The Global Impact of UNESCO, 1945-2015
In the era of globalization, there is a need for research which explains the cause and the importance of transnational phenomena that affect people’s lives. International organizations are obvious objects of analysis, and an organization that has attracted much attention in recent years is the United Nations Educational, Scientific and Cultural Organization UNESCO. The Organization’s mission, as defined just after the end of World War II, is to construct intellectual and moral solidarity in order to build “the defenses of peace in the minds of men”. UNESCO has therefore carried out a considerable amount of mental engineering.
Historians have uncovered the roots of many of the soft power initiatives launched to construct sincere solidarity between peoples, but we still know very little about their impact. The overall objectives of this publication is thus to trace their routes from the center to the periphery from UNESCO’s headquarters in Paris to the member states to assess the Organization’s global impact from World War II and up till today.
Researchers from around the world are invited and encouraged to submit articles of which up to 15 articles will be chosen for publication.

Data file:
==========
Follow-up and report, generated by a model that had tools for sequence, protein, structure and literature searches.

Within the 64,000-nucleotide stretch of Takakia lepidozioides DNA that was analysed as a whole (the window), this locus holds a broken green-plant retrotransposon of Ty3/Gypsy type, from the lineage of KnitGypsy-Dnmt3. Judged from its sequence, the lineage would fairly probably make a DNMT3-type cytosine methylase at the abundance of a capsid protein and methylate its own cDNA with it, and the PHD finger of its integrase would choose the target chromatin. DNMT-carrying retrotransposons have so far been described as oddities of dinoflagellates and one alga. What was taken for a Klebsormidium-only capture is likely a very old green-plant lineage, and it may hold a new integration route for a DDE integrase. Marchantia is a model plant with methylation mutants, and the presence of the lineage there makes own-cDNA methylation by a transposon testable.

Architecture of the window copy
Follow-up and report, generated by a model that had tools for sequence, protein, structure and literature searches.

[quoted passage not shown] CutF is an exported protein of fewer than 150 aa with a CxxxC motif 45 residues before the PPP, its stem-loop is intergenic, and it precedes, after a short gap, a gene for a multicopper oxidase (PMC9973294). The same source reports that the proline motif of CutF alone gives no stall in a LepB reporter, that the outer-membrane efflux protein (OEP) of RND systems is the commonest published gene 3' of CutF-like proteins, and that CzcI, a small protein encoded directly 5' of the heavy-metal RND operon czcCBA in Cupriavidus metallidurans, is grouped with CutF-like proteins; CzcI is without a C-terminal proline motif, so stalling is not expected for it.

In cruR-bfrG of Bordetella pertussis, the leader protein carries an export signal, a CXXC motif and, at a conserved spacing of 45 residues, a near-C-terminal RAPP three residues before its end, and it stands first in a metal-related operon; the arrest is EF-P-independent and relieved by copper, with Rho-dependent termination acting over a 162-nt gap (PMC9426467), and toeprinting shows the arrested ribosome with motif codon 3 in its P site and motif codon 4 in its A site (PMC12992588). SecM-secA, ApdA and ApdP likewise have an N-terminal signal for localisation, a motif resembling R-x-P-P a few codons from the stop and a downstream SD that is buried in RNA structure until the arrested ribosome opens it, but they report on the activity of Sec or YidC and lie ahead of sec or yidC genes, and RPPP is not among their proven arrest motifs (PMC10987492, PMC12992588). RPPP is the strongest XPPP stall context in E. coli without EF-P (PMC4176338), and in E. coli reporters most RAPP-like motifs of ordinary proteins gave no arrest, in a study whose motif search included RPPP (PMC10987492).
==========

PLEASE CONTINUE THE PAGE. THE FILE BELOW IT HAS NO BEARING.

The publication is sponsored by the Global History of UNESCO Project (www.unesco.aau.dk) and will be presented at a conference in November 2015 on the occasion of UNESCO’s 70th anniversary.
Contributions may be based on questions such as:
How were ideas and initiatives transmitted in practice from the UNESCO headquarters in Paris to the member states and what distribution channels did the UNESCO-related national institutions have with regard to the populations?
What exact knowledge was transferred, domesticated and made available for the construction of “peace in the minds of men”?
How were initiatives made acceptable to the different populations – were they equally implemented in all member states and what explains country-specific priorities?
What effect did the implementation of specific initiatives have on changing people’s mindsets?
Deadlines: 1 May 2014 (abstracts) and 1 November 2014 (articles).
The abstract must be limited to 250 words. Articles are expected to be of max 20 pages and in English and should be clearly written and accessible to both specialists and non-specialists. Abstracts and articles, as well of questions of any kind, should be sent directly to the editor, Professor Poul Duedahl: firstname.lastname@example.org